Is your System Integration cart before your Transformation horse?

I was having discussions with some colleagues who are participating in transformation programs at their respective companies.  Each program is segmented in two; one part focused on business transformation led by one outside partner, the second on systems integration led by a different partner. 

The question: What approach should be used to ensure you get the best possible outcome for your company?  I suggest you get your dancing shoes on because you will be balancing on a fine line.  First it would be good to know what style dance and song you are going to dance to before you begin.   A lot of work was done before these partners were selected; I am sure there was a business case, budget projections, etc.  But is it clear if this is primarily a business transformation or systems implementation program?  These can be very different with very different outcomes, even though many of the areas addressed may be the same: business requirements, process flows and taxonomies.  The difference is where you start and who plays what role along the way.

A business transformation according to businessdictionary.com is a process of profound and radical change that takes a business in a new direction and entirely different level of effectiveness, a basic change of character with little or no resemblance with the past configuration or structure.  Unless it’s a startup (which wouldn’t need to transform anyway), there are already organization structures and go-to-market strategies in place.  But something has happened that makes the company believe that it needs to change and somewhat significantly to be competitive.  Does your program clearly know why the need to transform exists and what your executive sponsors believe success looks like?  This is the role of the business transformation partner:  to articulate why to transform and what to transform: business models, operational models, business process flows and organization structures.  It’s often in the business process flows where the transformation horse and the integration cart get sideways.

Let’s back up for a moment though.  What is the systems integrators role?  If why and what are the transformational piece; then how to map the models and process into technology solutions is the systems integrations piece.  This will be affected by both the application landscape currently in place and by total cost of ownership (vanilla or custom, fit for function, cloud based, etc.) The “how” is focused on technology, balanced with process and guided by transformation.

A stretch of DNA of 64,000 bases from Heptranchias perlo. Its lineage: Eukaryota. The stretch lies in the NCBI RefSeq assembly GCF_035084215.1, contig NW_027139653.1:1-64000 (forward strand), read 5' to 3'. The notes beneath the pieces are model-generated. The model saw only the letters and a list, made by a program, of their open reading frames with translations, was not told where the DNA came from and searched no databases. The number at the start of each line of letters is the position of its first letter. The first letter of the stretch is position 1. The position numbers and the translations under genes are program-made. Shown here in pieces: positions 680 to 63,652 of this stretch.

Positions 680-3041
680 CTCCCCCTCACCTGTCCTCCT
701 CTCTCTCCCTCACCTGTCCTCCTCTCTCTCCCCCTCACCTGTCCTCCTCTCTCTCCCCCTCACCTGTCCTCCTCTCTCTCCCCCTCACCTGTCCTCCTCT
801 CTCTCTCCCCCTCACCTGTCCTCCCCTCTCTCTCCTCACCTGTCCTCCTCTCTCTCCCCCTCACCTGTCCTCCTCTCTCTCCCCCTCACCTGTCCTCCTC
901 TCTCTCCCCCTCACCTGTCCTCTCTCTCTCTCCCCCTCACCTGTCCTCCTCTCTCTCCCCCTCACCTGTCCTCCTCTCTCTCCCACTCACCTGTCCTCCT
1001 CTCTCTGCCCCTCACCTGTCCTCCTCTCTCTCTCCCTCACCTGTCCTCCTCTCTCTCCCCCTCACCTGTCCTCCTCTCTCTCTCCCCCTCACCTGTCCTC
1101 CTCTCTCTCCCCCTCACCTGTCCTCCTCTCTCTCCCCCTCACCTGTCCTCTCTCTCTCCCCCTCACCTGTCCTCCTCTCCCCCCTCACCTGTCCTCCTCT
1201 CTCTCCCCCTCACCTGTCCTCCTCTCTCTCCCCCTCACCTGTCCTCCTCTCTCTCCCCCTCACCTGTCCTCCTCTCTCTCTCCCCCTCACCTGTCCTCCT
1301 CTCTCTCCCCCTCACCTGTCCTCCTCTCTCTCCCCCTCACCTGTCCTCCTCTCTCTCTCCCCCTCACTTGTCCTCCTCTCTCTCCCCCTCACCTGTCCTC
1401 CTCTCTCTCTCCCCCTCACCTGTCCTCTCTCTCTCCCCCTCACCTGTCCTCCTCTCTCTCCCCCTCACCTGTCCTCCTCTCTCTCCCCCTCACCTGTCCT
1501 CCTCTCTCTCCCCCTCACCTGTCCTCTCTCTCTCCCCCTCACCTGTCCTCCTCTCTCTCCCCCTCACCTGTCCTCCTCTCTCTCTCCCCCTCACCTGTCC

This is where the dancers can step on each other’s toes. Both the transformation and integration partners have input into the business requirements and process areas and need to work together. Dare I say it; a RASCI is probably required in order to define who does what. It is likely this was not done initially when the partners were selected because that was too deep of a level of detail at the time. More important though, your company has to define how to make decisions between model, process and technology tradeoffs. Your organization’s magnitude of transformation, appetite for differentiation and budget will all play a part in establishing these guiding principles; this is the balance on the fine line. These tradeoff guiding principles will help to define the responsibilities of the transformation and integration roles and make decision making more rapid all along the way.

 It is essential that the transformation horse is ahead of the system integration cart.  Without consensus on why and what (the horse), your program will not know the style of the dance.  And without the tradeoff guiding principles (the reins), you won’t know the song to dance to.  Both of these are necessary to determine how (the cart) to dance your dance.

I may have mixed a couple of metaphors, but I hope you can see that the transformation (why and what) should be clearly defined before bringing in systems integration (how) and determining the right balance of differentiation and total cost of ownership for your company.

© Ellen Terwilliger 2012

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One Response to Is your System Integration cart before your Transformation horse?

  1. Pingback: Big Data-OK; Master Data Management–Yes; Critical Data Leverage–Absolutely! « Manifest Vision Solutions

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